The appellant signed an appearance bond as security on behalf of Vester Ray Arnold. Subsequently bond forfeiture proceedings were begun against appellant when Arnold did not make his appearance. Scire facias was issued and appellant presented the court with the affidavit of the Superintendent of the Caswell, North Carolina, Subsidiary to the effect that Arnold was serving a seven to eight year sentence in that prison for attempt to commit arson. The judge entered judgment against appellant for the full amount of the recognizance. Appellant appeals.
In Walls v. State, 111 Ga. App. 337 (141 SE2d 606)
it was held that the fact that the principal in a bail bond, given for appearance in the courts of this state for trial of an offense committed in this state, was unable to appear because he was confined in jail in another state for a violation of the laws of that other state, is not a defense to scire facias issued against the principal and his surety under Code Ann. 27-906, pursuant to a forfeiture of the bond. Subsequent to the Walls decision, the General Assembly enacted Ga. L. 1965, p. 266 (Code Ann. 110-312 et seq.) which provides that no judgment decreeing the forfeiture of any appearance bond shall be rendered if it is shown to the satisfaction of the court that the principal in such bond is prevented from attending because he is being detained in a jail or penitentiary In another jurisdiction; the statute further provides that the sworn affidavit of the jailer, warden or other responsible officer of the jail or penitentiary in which the principal is being detained shall be considered adequate proof of the principal's detention. Code Ann. 110-313.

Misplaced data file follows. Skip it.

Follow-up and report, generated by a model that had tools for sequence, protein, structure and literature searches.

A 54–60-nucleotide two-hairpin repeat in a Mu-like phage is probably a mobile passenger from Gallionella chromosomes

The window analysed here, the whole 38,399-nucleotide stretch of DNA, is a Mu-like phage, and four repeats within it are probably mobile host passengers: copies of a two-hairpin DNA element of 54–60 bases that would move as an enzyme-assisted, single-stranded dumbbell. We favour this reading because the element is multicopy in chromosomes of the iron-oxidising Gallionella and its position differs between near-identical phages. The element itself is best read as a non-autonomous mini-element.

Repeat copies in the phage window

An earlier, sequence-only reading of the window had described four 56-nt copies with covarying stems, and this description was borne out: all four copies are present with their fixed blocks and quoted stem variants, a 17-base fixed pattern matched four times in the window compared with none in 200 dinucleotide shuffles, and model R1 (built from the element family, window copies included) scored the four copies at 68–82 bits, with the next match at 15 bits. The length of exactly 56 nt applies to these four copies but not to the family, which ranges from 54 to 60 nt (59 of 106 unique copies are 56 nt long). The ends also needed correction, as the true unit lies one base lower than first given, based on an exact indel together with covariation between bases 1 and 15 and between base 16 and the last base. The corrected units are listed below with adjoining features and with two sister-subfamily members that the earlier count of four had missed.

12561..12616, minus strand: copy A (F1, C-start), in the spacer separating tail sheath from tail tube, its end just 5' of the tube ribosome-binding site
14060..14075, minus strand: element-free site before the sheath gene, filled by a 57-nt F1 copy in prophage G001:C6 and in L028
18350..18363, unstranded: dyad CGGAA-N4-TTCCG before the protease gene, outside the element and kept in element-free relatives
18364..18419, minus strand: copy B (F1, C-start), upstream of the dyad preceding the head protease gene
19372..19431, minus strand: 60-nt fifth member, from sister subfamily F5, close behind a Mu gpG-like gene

This case is apparently the first to require an interpretation of Ga. L. 1965, p. 266. In light of this, we are compelled to look to the Walls case and Code Ann. 102-102 (9) which provides that in all interpretations, the courts shall look diligently for the intention of the General Assembly, keeping in view, at all times, the old law, the evil and the remedy. When this is done, we can reach but one conclusion: that the intention of the General Assembly in Ga. L. 1965, p. 266, was to supply a remedy (Code Ann. 110-313) for the exigency of the old law (the Walls decision).
The record here reveals that appellant offered the sworn affidavit of the superintendent of the North Carolina prison in which the principal was incarcerated. The statute makes specific provision that such an affidavit shall be adequate proof that the principal is detained. The appellant having fully complied with the provisions of Code Ann. 110-313, it was error to enter judgment against him decreeing the forfeiture of the appearance bond.